First and foremost, however successful California may be at reducing greenhouse gases, it will have virtually no impact on global emissions. This year’s wildfires will more than cancel out whatever progress the state might be making.
Moreover, to “step up our game” would impose new burdens on an economy that’s in deep and perhaps prolonged recession. Californians already shoulder electric utility rates, fuel prices, rents, home prices, state and local taxes and other living costs that are among the nation’s highest.
The state is falling well short of its ambitious goals for replacing cars and trucks with electric vehicles, so how would the state accelerate even more? With more subsidies from a state budget that’s already leaking red ink?
His latest pronouncements notwithstanding, Newsom seems to understand that there is a practical limit to California’s conversion into a carbon-free nirvana. The state was utterly dependent on natural gas electric generation to avoid extensive blackouts during summer heat waves and with Newsom’s tacit support, state regulators temporarily extended the life of several Southern California power plants that had been ticketed for closure.
The state’s most fundamental duty is to protect its 40 million residents from calamities such as deadly wildfires, and we’ve not been very diligent about that.
While climate change contributed to the ferocity of the wildfires, there were plenty of warnings about the dangers of allowing housing developments in fire-prone regions and the buildup of combustible fuel in forests — warnings that were largely ignored. Read More > at CalMatters
COVID-19 prevention may lead to record low flu rates, CDC says – The final statistics are in for America’s last flu season, and the news is good: Record low rates of influenza were reported as cases plummeted during the early months of the coronavirus pandemic.
Why? Researchers from the U.S. Centers for Disease Control and Prevention believe the social distancing measures put into place across the country last spring kept more than the new coronavirus at bay.
The 2019-2020 flu season ended weeks earlier than usual this year, with flu infections declining sharply within two weeks of the COVID-19 emergency declaration on March 1, the new study found.
Influenza activity in the United States plunged, from about 30% of samples testing positive for flu in early February down to only 2% the week of March 22, the researchers reported. Read More > at UPI
“Calling bullshit” in philanthropy – “The world is awash with bullshit, and we’re drowning in it,” Carl T. Bergstrom and Jevin D. West declare at the beginning of their helpful new book Calling Bullshit: The Art of Skepticism in a Data-Driven World.
“Politicians are unconstrained by facts,” Bergstrom and West continue. “Science is conducted by press release. Silicon Valley startups elevate bullshit to high art. Colleges and universities reward bullshit over analytic thought. The majority of administrative activity seems to be little more than a sophisticated exercise in the combinatorial reassembly of bullshit.” That’s some disarming honesty there. Refreshing, really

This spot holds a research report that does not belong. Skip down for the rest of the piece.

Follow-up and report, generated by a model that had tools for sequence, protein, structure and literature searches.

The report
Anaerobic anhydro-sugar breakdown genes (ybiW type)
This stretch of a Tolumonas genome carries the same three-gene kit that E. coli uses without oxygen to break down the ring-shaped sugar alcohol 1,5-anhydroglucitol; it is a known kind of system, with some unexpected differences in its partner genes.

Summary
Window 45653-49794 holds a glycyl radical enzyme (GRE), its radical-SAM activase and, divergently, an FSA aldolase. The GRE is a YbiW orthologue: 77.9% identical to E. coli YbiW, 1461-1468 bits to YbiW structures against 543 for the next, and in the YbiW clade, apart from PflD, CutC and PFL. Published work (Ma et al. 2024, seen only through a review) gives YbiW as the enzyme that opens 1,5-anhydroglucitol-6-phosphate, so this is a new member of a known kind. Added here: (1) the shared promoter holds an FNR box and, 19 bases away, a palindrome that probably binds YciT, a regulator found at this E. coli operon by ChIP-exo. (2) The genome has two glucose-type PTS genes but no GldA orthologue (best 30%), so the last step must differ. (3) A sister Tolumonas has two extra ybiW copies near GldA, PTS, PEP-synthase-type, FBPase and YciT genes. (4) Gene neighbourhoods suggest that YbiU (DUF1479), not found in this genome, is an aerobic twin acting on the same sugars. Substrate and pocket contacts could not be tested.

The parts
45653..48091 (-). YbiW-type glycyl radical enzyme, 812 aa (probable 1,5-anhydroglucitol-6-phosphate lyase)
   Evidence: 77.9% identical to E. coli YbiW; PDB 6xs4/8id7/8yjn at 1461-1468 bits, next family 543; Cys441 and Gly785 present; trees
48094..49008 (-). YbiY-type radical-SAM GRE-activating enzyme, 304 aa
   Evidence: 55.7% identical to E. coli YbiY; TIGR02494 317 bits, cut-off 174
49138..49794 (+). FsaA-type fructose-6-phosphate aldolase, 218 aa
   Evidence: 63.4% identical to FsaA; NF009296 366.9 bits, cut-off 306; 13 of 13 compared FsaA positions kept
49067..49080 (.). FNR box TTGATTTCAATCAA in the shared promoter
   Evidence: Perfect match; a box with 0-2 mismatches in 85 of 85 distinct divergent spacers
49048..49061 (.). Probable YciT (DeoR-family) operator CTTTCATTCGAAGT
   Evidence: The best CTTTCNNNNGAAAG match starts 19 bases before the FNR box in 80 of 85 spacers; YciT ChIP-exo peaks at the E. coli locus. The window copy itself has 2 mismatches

Plenty to go around. Maybe you can think of more examples, maybe even in philanthropy. While Calling Bullshit doesn’t include any material specifically about philanthropy, participants anywhere along the spectrum of the grantseeking and -making enterprise can and should learn (or relearn) from it.
There is some bullshit in philanthropy, after all, no? Just hypothetically, among other things, contemplate much of that which is included in grant requests; in what foundation staffs present to executives and boards of directors; and in what executives and directors tell their colleagues at other foundations, their contacts in the other upper echelons of elite society, and those policymakers in government and influencers in the media. Conceivably all winking, too, by the way.
Speaking from experience, there’s a reason foundation work tends to breed cynicism. There might be benefit to some skepticism, however, according to Bergstrom and West. In fact, we need to relearn the art of skepticism to better spot bullshit, they believe, especially because it has evolved. Read More > at Philanthropy Daily
Grocery stores are pushing California to be tougher on crime. Here’s why – Albertsons and Kroger — the grocers with the biggest financial contributions to Prop. 20 — and the California Grocers Association said in statements they supported the measure because shoplifting and organized retail crime have been on the rise, amounting to significant losses, and threatening the safety of employees and customers. They say that previous reforms went too far in removing teeth from laws meant to address this type of crime.
“People are stealing, and there are no consequences,” said Richard Temple, a spokesman for the Yes on Prop. 20 campaign.
Experts said theft is a big problem for retailers, especially for grocery stores, which have high foot traffic. A 2020 survey by the National Retail Federation found that theft — which the industry calls “shrink” — was at an all-time high, costing the industry $61.7 billion in fiscal year 2019, or 1.62% of retailers’ profits. A whole niche industry around battling retail theft, through cameras, locked display cases and undercover security guards has sprung up.